A claim was filed in March 2016 by the Swiss multinational Glencore International: it rejected the sanction imposed by the Office of the Comptroller-General of the Republic for irregular changes in the concession contracts of coal mines.

Three other claims are in the phase of direct settlement:

  1. Canadian company Eco Oro Minerals, for a ban issued by the Constitutional Court on the exploitation of mines in the area of the Santurbán paramo.
  2. Mexican company América Móvil is challenging a change of trade rules in the telecom sector.
  3. U.S. company Tobie Mining, for a ban on mining exploitation in the recently created Yaigojé-Apaporis National Park.

 El Salvador

In 2009, the state was sued before an ICSID tribunal by the companies Commerce Group Corp and San Sebastián Gold Mines, claiming damages for the exploitation of the San Sebastián mine in the municipality of Santa Rosa de Lima, department of La Unión. These companies exploited this mine for over seven decades, where it caused irreversible environmental damage, mainly of water sources that were contaminated with chemicals such as arsenic, lead, iron and manganese. The San Sebastián River is now known as the Dead River, as the water can no longer be used for consumption because of the high concentration of chemicals. This claim was dismissed by the ICSID tribunal in 2013.

In October 2016, the ICSID tribunal issued an award in favour of El Salvador in the case filed by the mining company Pacific Rim Cayman LLC (Pac Rim).



Between 1997 and 2016, Mexico had 20 cases as respondent under the NAFTA; 17 initiated by U.S. companies and three by Canadian companies. Only two cases were filed before UNCITRAL tribunals and the rest were filed at ICSID tribunals. Nine of these cases were decided in favour of the Mexican government. In contrast to other Latin American countries, where most claims are in the mining or energy sectors, in Mexico the most onerous claims come from agribusiness companies, and the greatest number is concentrated in the services sector. Many disputes were also initiated in the mining sector, but they were settled between the parties. Out of seven cases filed under BITs, five were settled and two are still pending.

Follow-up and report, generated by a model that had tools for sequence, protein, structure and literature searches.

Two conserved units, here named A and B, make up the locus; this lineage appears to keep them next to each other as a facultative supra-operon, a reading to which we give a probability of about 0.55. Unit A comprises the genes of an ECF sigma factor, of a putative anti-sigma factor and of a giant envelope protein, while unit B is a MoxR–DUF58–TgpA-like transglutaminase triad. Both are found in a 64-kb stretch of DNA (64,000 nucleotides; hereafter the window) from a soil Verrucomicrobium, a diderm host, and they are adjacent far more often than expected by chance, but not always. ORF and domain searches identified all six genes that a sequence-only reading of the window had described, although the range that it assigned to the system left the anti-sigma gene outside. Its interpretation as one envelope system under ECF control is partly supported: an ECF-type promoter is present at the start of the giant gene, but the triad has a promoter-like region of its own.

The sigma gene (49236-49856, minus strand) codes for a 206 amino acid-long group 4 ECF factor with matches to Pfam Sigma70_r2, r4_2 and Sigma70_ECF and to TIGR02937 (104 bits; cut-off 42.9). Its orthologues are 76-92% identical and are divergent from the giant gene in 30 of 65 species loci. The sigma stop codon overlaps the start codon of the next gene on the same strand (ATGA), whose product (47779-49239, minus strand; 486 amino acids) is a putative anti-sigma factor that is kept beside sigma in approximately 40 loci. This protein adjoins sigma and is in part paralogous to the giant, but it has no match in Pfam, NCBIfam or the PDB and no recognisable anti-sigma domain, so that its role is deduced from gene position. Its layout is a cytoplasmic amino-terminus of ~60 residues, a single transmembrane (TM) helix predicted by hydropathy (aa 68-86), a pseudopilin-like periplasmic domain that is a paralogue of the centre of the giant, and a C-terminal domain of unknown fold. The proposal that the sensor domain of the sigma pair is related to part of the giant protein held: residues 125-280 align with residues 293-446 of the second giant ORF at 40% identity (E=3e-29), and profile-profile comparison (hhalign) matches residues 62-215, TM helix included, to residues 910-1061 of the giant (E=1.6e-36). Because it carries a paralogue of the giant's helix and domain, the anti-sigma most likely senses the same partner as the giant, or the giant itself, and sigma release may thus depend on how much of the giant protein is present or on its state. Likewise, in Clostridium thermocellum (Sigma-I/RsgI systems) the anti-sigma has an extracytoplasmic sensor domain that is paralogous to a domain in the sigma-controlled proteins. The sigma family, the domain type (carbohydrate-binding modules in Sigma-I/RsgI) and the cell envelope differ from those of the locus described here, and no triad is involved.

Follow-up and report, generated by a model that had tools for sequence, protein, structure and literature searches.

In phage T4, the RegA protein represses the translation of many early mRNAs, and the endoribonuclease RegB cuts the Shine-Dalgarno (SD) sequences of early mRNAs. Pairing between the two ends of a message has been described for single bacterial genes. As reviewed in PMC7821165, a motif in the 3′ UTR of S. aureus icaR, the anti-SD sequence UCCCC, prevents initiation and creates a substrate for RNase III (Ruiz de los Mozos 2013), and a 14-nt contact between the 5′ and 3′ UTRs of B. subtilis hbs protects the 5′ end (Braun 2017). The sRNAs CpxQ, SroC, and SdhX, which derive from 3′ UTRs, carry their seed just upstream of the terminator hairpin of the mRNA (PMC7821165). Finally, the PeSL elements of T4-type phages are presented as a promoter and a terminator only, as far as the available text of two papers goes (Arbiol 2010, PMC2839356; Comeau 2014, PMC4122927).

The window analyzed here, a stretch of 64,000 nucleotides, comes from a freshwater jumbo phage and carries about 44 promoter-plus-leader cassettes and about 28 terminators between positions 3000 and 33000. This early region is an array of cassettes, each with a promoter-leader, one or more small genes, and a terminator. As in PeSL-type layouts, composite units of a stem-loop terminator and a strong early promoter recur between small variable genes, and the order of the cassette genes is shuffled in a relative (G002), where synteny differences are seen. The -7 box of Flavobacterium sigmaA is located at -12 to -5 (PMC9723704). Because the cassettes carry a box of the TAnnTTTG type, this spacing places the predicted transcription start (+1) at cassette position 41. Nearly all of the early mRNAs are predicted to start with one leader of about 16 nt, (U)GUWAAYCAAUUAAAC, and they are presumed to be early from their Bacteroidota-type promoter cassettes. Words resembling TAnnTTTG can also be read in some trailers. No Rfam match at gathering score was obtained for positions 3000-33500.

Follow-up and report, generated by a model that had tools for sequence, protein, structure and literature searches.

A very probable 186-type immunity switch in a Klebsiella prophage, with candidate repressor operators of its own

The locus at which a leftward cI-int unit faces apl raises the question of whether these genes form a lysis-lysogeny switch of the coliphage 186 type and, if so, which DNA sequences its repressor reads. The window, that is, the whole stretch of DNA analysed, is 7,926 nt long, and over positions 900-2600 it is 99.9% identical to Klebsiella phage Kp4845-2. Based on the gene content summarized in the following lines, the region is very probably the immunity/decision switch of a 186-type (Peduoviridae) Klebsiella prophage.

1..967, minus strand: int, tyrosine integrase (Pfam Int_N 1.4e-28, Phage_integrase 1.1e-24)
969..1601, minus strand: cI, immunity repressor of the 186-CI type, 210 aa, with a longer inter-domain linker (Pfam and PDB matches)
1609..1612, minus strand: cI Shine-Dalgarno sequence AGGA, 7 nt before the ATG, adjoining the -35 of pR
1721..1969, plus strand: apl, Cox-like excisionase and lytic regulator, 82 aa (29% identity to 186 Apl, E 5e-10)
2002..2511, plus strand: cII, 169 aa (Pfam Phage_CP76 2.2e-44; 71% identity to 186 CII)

Puerto Rico

Puerto Rico does not have any ISDS cases at ICSID. The cases initiated against Puerto Rico are handled by the Supreme Court of Puerto Rico and in U.S. federal courts. Apart from six tax-related cases, all the rest are more recent (2016).

There are 21 disputes between transnational enterprises and the government of the island: six are related to tax issues; two are about transfer prices; one concerns a challenge to the government’s power to regulate international companies’ operations in its territory; and 13 are about vulture funds.